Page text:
Of all workers exposed globally to synthetic sources of radiation, medical personnel represent the largest group, but receive relatively low doses. Accidental or therapeutic acute radiation exposure of humans was observed to induce various forms of cytogenetic damage, including the possibility of increasing the incidence of micronuclei (MN) and chromosomal aberrations (CA). The aim of this study was to assess occupationally induced chromosomal damage in a large population of hospital workers exposed to low doses of ionizing radiation (IR). The cytokinesis-block MN and comet assays were used to examine peripheral blood lymphocytes (PBL) of 31 exposed workers to IR and 33 control subjects corresponding in gender, age, and smoking. Glutathione S-transferases (GSTM1, GSTT1, and GSTP1) are postulated to be involved in the detoxification of endogenous and exogenous genotoxicants. The association between these biomarkers and polymorphic genes of xenobiotic metabolizing enzymes was thus also assessed. MN frequency was significantly higher in the exposed subjects compared controls. Comet assay results showed a significant increase of tail length in workers exposed to IR. Data obtained suggest that GSTM1, GSTT1, and GSTP1 polymorphism do not modify significantly the genotoxic potential of IR. Therefore, the exposed medical personnel need to carefully apply radiation protection procedures and minimize, as low as possible, IR exposure to avoid possible genotoxic effects.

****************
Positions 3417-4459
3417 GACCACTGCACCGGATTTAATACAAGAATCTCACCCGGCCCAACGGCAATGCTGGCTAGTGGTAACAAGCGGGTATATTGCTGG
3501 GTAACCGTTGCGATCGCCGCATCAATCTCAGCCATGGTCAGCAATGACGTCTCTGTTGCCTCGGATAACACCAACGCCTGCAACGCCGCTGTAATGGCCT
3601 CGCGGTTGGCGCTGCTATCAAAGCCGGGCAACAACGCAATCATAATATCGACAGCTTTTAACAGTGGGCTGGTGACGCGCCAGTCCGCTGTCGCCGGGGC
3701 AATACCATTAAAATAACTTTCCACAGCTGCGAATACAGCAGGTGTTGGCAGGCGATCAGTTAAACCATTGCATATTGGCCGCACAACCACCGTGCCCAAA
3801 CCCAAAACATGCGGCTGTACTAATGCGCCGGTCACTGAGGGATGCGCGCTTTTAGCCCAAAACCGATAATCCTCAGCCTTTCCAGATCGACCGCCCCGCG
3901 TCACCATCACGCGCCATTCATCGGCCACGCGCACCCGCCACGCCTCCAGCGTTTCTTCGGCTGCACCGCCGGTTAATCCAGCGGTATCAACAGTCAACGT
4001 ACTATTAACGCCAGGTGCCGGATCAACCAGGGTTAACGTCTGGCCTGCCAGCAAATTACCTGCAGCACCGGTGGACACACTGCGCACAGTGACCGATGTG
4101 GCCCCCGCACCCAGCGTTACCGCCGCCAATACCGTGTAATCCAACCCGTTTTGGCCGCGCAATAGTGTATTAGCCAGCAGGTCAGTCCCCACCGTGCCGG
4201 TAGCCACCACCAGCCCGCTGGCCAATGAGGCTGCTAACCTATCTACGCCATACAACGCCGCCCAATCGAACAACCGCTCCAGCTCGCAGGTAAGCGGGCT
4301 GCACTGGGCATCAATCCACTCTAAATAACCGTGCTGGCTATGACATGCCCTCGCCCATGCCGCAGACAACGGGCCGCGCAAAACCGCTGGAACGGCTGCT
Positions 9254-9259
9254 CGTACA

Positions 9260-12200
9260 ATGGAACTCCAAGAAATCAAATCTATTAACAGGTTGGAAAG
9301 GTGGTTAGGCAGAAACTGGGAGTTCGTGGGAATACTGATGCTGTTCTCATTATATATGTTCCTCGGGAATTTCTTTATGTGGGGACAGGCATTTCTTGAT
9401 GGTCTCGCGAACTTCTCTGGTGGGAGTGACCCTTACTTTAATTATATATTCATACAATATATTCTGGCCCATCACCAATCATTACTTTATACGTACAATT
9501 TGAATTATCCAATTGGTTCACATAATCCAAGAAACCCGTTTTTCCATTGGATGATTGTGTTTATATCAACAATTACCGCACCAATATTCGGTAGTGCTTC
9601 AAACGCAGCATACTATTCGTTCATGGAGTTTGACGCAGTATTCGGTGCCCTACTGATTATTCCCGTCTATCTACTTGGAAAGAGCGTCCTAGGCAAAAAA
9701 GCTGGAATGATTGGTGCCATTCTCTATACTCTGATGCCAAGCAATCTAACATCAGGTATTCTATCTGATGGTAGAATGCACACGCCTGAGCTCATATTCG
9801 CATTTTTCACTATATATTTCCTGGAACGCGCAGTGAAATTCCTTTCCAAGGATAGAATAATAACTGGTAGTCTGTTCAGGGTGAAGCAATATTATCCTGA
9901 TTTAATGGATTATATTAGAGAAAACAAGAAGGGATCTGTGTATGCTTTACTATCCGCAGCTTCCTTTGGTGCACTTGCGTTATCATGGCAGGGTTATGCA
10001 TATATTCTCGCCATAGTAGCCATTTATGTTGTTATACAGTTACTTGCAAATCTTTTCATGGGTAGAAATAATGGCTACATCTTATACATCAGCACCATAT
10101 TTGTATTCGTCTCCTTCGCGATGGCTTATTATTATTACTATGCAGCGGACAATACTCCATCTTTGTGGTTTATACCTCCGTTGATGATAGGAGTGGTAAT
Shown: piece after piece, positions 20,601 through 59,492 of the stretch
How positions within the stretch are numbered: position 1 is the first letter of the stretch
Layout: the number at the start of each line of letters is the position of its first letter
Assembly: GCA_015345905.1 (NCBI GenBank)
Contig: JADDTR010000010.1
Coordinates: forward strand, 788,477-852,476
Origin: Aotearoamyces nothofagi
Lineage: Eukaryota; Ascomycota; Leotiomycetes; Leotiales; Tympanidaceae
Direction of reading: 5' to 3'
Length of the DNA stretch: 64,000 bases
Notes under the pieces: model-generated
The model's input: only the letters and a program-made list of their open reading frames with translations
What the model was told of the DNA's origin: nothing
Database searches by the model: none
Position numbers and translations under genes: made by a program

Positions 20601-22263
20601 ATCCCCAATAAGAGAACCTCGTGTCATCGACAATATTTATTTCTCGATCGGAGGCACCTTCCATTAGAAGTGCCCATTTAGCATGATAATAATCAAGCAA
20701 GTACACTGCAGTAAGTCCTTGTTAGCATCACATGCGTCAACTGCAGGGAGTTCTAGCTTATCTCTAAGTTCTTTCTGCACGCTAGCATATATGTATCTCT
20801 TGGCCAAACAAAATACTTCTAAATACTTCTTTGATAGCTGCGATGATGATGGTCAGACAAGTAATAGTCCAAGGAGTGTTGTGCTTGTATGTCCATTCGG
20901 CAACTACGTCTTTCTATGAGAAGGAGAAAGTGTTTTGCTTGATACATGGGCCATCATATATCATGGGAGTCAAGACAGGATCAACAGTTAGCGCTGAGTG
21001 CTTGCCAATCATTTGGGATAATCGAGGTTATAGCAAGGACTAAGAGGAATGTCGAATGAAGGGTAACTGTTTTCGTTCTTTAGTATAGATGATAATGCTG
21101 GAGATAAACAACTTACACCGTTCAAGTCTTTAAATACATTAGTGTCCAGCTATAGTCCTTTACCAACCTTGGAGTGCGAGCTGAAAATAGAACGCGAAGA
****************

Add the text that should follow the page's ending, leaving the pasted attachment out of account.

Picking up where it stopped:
|Journal||Journal Of Toxicology And Environmental Health-Part A-Current Issues|
|Publication status||Published - 1 Jan 2012|